Posts Tagged ‘law’

Plutonian Striptease VIII: Owen Mundy

Wednesday, October 20th, 2010

astounding stories of super science: phantoms of reality
Plutonian Striptease is a series of interviews with experts, owners, users, fans and haters of social media, to map the different views on this topic, outside the existing discussions surrounding privacy.

Owen Mundy is an artist and programmer who investigates public space and its relationship to data. He makes images, sculpture, and software that highlights inconspicuous trends and offers tools to make hackers out of everyday users. A former photographer in the US Navy, he co-founded Your Art Here, a non-profit organization in Bloomington, Indiana that puts art in public commercial spaces. In 2010 he created Give Me My Data, an application that helps users export their data out of Facebook. He is an Assistant Professor of Art at Florida State University and is currently based in Berlin funded by the DAAD.

Social networks are often in the news, why do you think this is?
Assuming “social networks” refers to the online software, application programming interfaces (APIs), and the data that constitutes sites like MySpace, Facebook, and Twitter, I feel its popular to discuss them in the news for many reasons.

Online applications that enable enhanced connectivity for individuals and other entities are relatively new and there is an apparent potential for wealth through their creation and the connections they enable. News organizations are businesses, so they naturally follow the money, “reporting” on topics which are considered worthwhile to advertisers who buy space in their pages, pop-ups, and commercial breaks. (more…)

Plutonian Striptease V: Geert Lovink

Wednesday, September 29th, 2010

astounding stories of super science: monsters of moyen

Plutonian Striptease is a series of interviews with experts, owners, users, fans and haters of social media, to map the different views on this topic, outside the existing discussions surrounding privacy.

Geert Lovink, founding director of the Institute of Network Cultures, is a Dutch-Australian media theorist and critic. He holds a PhD from the University of Melbourne and in 2003 was at the Centre for Critical and Cultural Studies, University of Queensland. In 2004 Lovink was appointed as Research Professor at the Hogeschool van Amsterdam and Associate Professor at University of Amsterdam. He is the founder of Internet projects such as nettime and fibreculture. His recent book titles are Dark Fiber (2002), Uncanny Networks (2002) and My First Recession (2003). In 2005-06 he was a fellow at the WissenschaftskollegBerlin Institute for Advanced Study where he finished his third volume on critical Internet culture, Zero Comments (2007).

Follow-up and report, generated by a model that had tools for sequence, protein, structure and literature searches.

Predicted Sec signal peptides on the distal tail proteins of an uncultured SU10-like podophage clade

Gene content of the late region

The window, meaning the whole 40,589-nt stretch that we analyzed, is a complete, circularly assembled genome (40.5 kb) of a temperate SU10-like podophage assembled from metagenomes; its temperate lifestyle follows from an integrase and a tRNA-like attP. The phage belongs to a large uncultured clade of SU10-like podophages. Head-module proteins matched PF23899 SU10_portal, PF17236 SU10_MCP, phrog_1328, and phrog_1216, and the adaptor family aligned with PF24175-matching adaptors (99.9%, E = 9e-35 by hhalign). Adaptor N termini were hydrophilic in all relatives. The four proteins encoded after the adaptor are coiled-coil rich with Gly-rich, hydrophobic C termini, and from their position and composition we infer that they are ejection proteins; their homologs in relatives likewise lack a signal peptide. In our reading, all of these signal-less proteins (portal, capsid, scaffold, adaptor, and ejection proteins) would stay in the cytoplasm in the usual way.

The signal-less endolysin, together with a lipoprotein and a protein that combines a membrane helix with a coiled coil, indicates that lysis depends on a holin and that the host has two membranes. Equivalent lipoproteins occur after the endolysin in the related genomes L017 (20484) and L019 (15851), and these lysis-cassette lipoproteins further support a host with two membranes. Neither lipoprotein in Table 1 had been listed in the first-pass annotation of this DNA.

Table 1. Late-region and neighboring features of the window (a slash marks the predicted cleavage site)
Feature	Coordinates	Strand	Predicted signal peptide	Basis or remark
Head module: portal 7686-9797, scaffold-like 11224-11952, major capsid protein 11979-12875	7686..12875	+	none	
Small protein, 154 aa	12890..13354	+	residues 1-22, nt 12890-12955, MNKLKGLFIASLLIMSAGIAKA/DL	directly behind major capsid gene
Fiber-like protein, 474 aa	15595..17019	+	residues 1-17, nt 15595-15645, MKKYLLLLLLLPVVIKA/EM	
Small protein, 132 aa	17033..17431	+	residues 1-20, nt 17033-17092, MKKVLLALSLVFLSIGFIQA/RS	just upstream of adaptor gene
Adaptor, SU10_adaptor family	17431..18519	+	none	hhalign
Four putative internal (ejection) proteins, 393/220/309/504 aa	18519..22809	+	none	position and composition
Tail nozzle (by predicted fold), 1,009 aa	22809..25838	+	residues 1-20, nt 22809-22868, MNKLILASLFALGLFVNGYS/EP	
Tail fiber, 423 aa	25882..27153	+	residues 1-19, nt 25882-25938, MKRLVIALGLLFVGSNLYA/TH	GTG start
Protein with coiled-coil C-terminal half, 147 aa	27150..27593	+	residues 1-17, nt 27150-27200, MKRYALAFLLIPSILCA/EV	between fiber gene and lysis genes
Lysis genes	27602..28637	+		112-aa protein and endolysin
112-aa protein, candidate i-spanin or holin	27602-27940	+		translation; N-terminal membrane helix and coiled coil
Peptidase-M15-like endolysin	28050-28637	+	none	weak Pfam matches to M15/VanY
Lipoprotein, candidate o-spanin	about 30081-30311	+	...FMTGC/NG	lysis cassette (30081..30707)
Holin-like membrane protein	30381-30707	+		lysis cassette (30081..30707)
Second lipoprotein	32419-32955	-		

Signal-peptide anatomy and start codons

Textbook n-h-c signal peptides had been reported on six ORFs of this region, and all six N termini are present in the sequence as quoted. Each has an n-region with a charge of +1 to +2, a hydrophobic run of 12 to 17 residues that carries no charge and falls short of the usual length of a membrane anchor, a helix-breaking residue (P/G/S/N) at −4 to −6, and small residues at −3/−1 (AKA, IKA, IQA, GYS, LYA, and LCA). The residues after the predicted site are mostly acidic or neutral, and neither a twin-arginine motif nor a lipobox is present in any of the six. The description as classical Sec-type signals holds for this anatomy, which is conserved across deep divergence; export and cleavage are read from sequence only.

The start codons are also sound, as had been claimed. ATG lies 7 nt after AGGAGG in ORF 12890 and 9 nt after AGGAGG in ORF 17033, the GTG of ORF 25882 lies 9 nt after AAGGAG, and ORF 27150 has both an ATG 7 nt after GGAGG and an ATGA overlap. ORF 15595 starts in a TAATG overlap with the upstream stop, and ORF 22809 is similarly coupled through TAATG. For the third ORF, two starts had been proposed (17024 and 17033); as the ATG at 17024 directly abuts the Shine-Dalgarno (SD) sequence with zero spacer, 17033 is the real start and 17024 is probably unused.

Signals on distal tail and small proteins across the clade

Social networks are often in the news. Why do you think this is the case?
“Who cares about the internet!” is a phrase I heard kids saying the other day. If only we were there… Internet, the forgotten medium. It is indeed true that I have gotten used to the fact that the internet is overhyped and constantly in news over the past 15 years. Social media is just the latest craze, following terms such as Web 2.0 and the intense reporting around ‘blogging’. We should not forget that part of the urge to report is the fact that these social networking sites are in direct competition with ‘old media’ such as TV and print in terms of the ‘attention economy’ and related advertisement budgets. (more…)

To Privacy and Beyond!

Friday, August 20th, 2010

Just finished reading Issue 19 of Open, ‘Beyond Privacy, new perspectives on the public and private domains‘. The angle is to stop crying over spilt milk, “taking the present situation of ‘post-privacy’ for what it is and trying to gain insight into what is on the horizon in terms of new subjectivities and power constructions”. I particularly enjoyed the articles by Daniel Solove and Felix Stalder, both redefining privacy (not a fan of Stalder’s 2.0 addition, but the article is a good read) while refraining from putting all responsibility on the user/consumer/citizen, and investigating strategies for law and state to better protect the right of individuals to privacy.

In “Autonomy and Control in the Era of Post-privacy”, Felix Stalder argues for Privacy 2.0: new strategies for connective opacity that should make clear what people outside a network can see of what goes on inside, and what providers of those infrastructures can see of the inside as well, and all of that using mandatory transparency of the protocols they use to provide their services, so that discrimination can be contested. (more…)